Why #BlackLivesMatter the Most in Urban Policing
“Our problems are man-made; therefore, they may be solved by man. No problem of human destiny is beyond human beings.”
-John F. Kennedy Jr.
Policing in our great nation has received both praise and criticism since its inception. With 24-hour news cycle coverage and smartphones, citizens have more access to these opposing views than ever before. Given the police shootings which have become a hot topic in the past years, I’d like to focus on criticisms aimed at the police: specifically, the relationship between police officers and the general public in urban areas.
Social activist groups tend to gather in large cities and protest the police. However, this inadvertently places the actions of all police officers nationwide under one big blanket of discontentment.
I believe activists miss a critical opportunity to focus on the nuances of specific localities prone to police violence against black lives. My goal is not to praise every police officer in America. I’m also not interested in demonizing social activist groups. They are addressing the serious issue of police violence in good faith. However, I do hope to challenge both sides in order to have a more open dialogue.
I am no stranger to police protests as I have been a police officer for nine years. I’ve held the rank and assignment of patrol officer, field training officer, narcotics officer, and patrol supervisor. Currently, I’m proud to serve as a detective in Chester, a small urban river city located in Pennsylvania with a population of approximately 34,000 people. Chester embodies the racial demographics of larger cities like Philadelphia, which is located 14 miles north.
What I have experienced as a law enforcement officer and the narratives I’ve observed on national media outlets – particularly regarding police officers’ extreme use of force – are vastly different. My recollection of events is also supported by nationwide statistics. For example, the 2017 FBI Crime Statistics showed an overall drop in violent crimes nationwide from 2016. However, much like previously released reports, the 2017 statistics showed that the most violent crimes occurred in lower income urban sections of cities across the country. The police officers who work in these areas tend to address violent crimes more often than their suburban counterparts. More often than not, the assailant either gets away or is arrested unharmed. The police officer also leaves the incident unharmed.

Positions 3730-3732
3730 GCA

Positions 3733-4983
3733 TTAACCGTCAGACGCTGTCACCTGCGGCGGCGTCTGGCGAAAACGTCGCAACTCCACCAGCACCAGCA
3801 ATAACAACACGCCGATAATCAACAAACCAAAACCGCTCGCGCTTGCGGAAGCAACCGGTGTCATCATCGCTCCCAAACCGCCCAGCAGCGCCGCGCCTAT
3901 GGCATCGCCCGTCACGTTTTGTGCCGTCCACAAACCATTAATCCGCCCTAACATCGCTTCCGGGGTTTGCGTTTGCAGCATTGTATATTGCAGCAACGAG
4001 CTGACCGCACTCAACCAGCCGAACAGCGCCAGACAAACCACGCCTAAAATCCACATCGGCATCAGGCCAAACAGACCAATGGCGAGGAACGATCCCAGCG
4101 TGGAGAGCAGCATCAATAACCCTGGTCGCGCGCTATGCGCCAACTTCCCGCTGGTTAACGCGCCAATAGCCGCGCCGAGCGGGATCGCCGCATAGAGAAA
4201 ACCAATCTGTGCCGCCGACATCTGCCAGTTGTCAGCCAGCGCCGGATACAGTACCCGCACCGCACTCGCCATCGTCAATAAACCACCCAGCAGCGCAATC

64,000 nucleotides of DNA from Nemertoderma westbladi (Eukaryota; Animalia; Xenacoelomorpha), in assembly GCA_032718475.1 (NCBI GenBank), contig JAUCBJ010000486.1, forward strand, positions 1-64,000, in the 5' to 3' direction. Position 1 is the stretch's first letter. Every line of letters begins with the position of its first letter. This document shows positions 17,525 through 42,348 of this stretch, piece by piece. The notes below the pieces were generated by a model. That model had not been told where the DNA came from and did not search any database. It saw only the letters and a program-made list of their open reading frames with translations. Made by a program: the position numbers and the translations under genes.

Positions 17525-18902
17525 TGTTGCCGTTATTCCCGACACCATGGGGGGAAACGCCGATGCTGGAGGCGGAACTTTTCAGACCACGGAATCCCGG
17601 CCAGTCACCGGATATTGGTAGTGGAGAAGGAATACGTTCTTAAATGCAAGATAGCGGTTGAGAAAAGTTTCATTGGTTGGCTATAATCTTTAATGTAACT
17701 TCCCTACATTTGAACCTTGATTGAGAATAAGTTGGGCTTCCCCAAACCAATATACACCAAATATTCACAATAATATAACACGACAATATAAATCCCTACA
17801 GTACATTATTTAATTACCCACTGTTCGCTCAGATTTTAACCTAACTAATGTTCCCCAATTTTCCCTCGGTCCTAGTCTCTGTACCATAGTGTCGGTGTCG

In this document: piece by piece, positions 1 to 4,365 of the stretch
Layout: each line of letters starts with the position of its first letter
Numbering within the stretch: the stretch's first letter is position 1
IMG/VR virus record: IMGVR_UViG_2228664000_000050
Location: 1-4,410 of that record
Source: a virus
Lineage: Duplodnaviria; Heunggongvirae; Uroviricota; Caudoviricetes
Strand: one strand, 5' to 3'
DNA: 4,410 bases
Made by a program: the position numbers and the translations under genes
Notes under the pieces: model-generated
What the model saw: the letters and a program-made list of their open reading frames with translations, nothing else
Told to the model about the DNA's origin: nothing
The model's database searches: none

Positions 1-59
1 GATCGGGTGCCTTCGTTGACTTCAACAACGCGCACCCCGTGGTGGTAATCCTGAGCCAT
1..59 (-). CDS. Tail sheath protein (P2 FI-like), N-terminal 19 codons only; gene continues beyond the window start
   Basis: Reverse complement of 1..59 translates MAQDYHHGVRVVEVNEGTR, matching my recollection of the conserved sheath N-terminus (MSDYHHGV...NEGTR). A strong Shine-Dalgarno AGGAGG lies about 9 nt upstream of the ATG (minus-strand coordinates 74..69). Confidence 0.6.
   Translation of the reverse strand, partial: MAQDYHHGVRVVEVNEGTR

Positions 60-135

Typically, the actor tries to get away while the officer is pursuing. If a fight occurs in an attempt to get away, some actors reach for a firearm or throw a weapon into nearby bushes. Many times this is done all in sight of the responding police officer. Once the situation is resolved, however, both the actor and police officer leave the incident unharmed. Police officers in urban areas encounter and resolve the vast majority of these situations on a daily basis without one shot ever being fired.
Some may view my statement as a bold or inaccurate assumption. So let’s take a look at some statistics.
A 2017 Police Violence report published by Mapping Police Violence (a research organization that collects nationwide data on police killings) states that 27% of U.S. police killings between January 2013 and December 2017 were committed by the police departments in America’s 100 largest cities. The violent crime rates in these large cities did not make the police departments any more or less likely to kill people. For example, Buffalo and Newark had low rates of police violence despite high crime rates, while Spokane and Bakersfield had high police violence rates despite their relatively low crime rates.
The majority of police-involved shootings are not happening in these large, urban areas. Interestingly, the level of police violence in large urban cities is much lower than that of suburban or rural areas where crime is relatively low. In fact, there has been an uptick in the rates of police violence in these suburban and rural areas.
So why have protest groups ignored the difference in policing in these suburban and rural areas in their discourse? Of course, credit should be given to the Black Lives Matter movement. Their massive following, organizational skills, and passion speak volumes for such a young organization. Black Lives Matter created a platform to address social issues important to our nation. However, the locations they choose to stage protests should also include suburban and rural areas.
They’ve held numerous protests announcing their grievances against police brutality in major metropolitan cities. I question, however, whether their efforts would be better served at locations where police brutality is most problematic. For instance, you wouldn’t go to your electric company to complain about a high water bill.
This is in essence what Black Lives Matter is doing: publicizing an important issue where the issue isn’t necessarily at its most prevalent. Unfortunately, major media outlets do not reflect this fact. Instead, protest groups focus their efforts on these large, urban locations taking attention away from the areas where they could potentially see the change they demand.
As President John F. Kennedy said, these issues are man-made and can only be changed by man. We all share responsibility of the optics displayed with police and their interactions with minorities. It’s up to us as citizens to change these optics and have an open dialogue to better understand each other’s views. Social activist groups’ message should not be infringed upon based on their first amendment rights. However, a more detailed look at the areas in which most police violence occurs is critical. This can lead to nuanced training for police officers in these areas.